There’s no doubt that you can just make great inventions out of what seems to be thin air, yet a large tech company has to invest a lot of money for ongoing product development. That’s a given, although startups in garages seem to be able to make miracles without a lot of working capital, they still need funding to be able to take those grand ideas and get them into production.
So I wasn’t surprised to read an article over at Seeking Alpha, which reported that Apple had spent some 10 billion dollars to design cutting-edge gear over the last decade. This year, the R&D is supposedly 9% of revenue, which makes sense, since developing new iPhones, iPads, iPods, Macs, the iOS, Mac OS X, and other products obviously isn’t easy. Indeed, you might come to believe that Apple spends a larger percentage of their operating budget on research than other major tech companies, but that’s not true.
In the scheme of things, it actually seems that Apple is remarkably thrifty in finding ways to creating iconic products without busting the budget. Would that other tech companies were as efficient.
Consider Microsoft. According to the same story, they spent $42 billion in the last five years to develop — what? A new version of Windows, upgrades to Office, failed revisions to their mobile OS, the Zune, the Kin? Microsoft is spending loads more cash than Apple, yet they consistently fail to demonstrate that they are delivering real value for such a huge expense.
But Microsoft isn’t alone in squandering R&D funds. Take Cisco, which wasted $25 billion to build new gear over the same period. What did Cisco deliver to their stockholders for this money? A few fancier Wi-Fi routers? Well, I suppose you also have to consider their failed investment in Flip Video, a company that built tiny camcorders, which crashed largely because you can get many of the same features in your smartphone. It was a nice idea while it lasted, but it’s not as if that acquisition represented a substantial R&D expense.
So what else is Cisco delivering for all that money? Aren’t stockholders at the least but curious?
Now I do not pretend to know the ins and outs of setting R&D budgets, or how to make the development process more efficient and more rewarding. Certainly there are well-known details, however, which indicate how Apple does things more efficiently, largely by setting up small development teams and not maintaining a large corporate bureaucracy and multiply complex committee structure with which to approve new products and product features.
Compare Apple’s lean and mean approach with Microsoft and other companies that choose to believe that you can innovate simply by throwing large amounts of money into the well, hoping that if you have enough people tackling a problem, you’ll inevitably find a solution. I’m not about to suggest how large a development team you need, but having multiple levels of management can’t help. You end up with egos and territorial issues that complicate rather than simplify R&D. You also end up with serious compromises from managers who don’t want to rock the boat and take any risks.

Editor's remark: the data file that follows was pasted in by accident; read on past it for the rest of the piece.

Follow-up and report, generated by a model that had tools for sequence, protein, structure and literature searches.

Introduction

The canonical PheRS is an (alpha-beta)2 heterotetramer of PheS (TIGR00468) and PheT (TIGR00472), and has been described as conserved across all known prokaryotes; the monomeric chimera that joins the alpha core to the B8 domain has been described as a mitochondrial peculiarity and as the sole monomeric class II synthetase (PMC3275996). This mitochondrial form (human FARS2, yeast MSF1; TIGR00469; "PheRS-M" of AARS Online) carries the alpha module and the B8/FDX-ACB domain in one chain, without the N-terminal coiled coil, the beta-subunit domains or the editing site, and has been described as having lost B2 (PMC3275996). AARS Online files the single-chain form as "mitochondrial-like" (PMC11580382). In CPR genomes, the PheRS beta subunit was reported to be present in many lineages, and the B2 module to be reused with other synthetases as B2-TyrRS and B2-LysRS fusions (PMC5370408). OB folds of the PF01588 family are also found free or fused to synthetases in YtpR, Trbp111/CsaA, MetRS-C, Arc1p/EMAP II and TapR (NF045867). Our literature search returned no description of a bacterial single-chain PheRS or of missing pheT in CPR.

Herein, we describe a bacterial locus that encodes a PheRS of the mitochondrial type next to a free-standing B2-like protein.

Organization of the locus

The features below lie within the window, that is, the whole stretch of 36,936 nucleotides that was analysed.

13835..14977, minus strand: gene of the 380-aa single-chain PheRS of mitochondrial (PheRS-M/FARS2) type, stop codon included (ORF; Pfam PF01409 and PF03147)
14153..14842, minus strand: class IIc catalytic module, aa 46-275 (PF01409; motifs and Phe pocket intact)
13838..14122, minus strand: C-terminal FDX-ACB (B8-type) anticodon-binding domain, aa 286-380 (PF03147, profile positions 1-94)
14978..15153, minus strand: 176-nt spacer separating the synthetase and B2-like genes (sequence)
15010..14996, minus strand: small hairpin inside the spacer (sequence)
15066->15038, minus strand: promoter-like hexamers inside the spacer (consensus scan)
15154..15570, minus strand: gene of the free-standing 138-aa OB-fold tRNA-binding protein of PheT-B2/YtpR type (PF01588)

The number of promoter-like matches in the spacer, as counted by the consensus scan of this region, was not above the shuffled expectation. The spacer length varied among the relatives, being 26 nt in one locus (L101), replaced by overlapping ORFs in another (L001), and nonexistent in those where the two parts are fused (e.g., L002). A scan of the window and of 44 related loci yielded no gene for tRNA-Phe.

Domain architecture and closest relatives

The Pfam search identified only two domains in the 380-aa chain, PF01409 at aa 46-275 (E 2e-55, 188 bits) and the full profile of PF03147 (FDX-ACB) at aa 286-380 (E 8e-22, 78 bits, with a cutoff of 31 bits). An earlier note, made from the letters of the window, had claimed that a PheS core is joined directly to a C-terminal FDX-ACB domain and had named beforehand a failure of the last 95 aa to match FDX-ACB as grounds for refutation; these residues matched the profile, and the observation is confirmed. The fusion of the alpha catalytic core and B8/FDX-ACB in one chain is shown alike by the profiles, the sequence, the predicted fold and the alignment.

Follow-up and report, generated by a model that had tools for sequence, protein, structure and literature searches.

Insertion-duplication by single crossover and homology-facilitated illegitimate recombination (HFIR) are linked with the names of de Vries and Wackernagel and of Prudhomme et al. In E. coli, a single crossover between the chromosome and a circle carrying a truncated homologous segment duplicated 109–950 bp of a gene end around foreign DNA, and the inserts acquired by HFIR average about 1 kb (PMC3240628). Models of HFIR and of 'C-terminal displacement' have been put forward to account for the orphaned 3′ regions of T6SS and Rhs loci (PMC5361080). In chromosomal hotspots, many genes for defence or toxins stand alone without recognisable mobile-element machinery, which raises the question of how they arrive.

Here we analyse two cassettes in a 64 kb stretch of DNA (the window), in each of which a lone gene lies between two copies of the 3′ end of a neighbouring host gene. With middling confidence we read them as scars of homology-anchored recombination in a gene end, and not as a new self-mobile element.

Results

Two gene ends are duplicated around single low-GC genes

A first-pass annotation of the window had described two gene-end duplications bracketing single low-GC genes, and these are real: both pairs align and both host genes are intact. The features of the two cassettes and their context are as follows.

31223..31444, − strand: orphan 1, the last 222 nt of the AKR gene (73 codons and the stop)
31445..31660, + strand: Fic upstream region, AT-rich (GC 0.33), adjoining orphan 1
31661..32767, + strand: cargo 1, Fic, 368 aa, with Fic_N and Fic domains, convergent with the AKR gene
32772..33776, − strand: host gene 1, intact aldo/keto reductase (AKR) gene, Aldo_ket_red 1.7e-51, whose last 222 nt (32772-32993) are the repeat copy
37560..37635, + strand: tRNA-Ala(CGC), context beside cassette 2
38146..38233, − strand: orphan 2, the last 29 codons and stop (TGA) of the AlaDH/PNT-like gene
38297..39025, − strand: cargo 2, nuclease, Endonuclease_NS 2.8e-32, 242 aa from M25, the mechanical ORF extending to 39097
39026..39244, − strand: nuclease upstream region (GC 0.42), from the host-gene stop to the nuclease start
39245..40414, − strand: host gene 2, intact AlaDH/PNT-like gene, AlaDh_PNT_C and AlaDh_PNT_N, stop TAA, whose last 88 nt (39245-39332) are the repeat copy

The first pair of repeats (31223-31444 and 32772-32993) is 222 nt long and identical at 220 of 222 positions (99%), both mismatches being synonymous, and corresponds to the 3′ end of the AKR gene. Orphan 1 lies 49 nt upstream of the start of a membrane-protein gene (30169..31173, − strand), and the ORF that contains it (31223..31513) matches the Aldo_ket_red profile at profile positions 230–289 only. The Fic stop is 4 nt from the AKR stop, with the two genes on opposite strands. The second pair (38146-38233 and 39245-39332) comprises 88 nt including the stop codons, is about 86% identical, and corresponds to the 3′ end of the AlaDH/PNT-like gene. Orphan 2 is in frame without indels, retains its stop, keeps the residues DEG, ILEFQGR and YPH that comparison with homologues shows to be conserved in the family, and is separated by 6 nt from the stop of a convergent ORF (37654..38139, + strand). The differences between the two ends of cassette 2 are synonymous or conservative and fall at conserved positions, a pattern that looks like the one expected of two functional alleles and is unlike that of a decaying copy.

Certainly, Microsoft’s organizational structure seems to mirror the way their products work, in an overly complicated fashion, with far too many steps required to perform simple functions.
But it’s not just the tech industry where inflated R&D budgets and massed committee structures make for a lack of efficiency and discourage innovation. One of the big reasons cited for the failure of General Motors ahead of that corporation’s bankruptcy was the overwhelming corporate bureaucracy and putting too many cooks into the kitchen, resulting in far too many compromises in product development. I don’t say that the “new” GM is necessarily so much better, but they seem to be delivering more interesting vehicles at a more rapid rate with a far leaner company than before. Certainly customers have noticed!
Now you don’t expect an auto company to act like a startup for every single product, and that’s not necessarily practical for any large organization. But Apple’s lean management structure ought to serve as a lesson for other companies. Certainly, Microsoft tries hard to mimic Apple when it comes to product features. Have they paid the least bit of attention to how those products came to be? Sure, Apple keeps the fine details secret, but there’s plenty of information around that describes how their R&D system works. Is Microsoft so blind that they haven’t noticed? Or maybe too many managers are striving to protect their turfs — and their jobs.
Now it’s not as if I want to see people lose their jobs. As a company becomes larger and more and more successful, I suppose there’s the temptation to pad the staff to make sure all bases are covered. To keep that staff under control, there are more and more levels of management, all in the name of efficiency, but usually accomplishing precisely the reverse.
Sure, there may not be another Steve Jobs in the tech industry. But his ideas and approaches were well documented, and that’s what Microsoft, Cisco, and other companies should be examining and struggling to emulate in some fashion.
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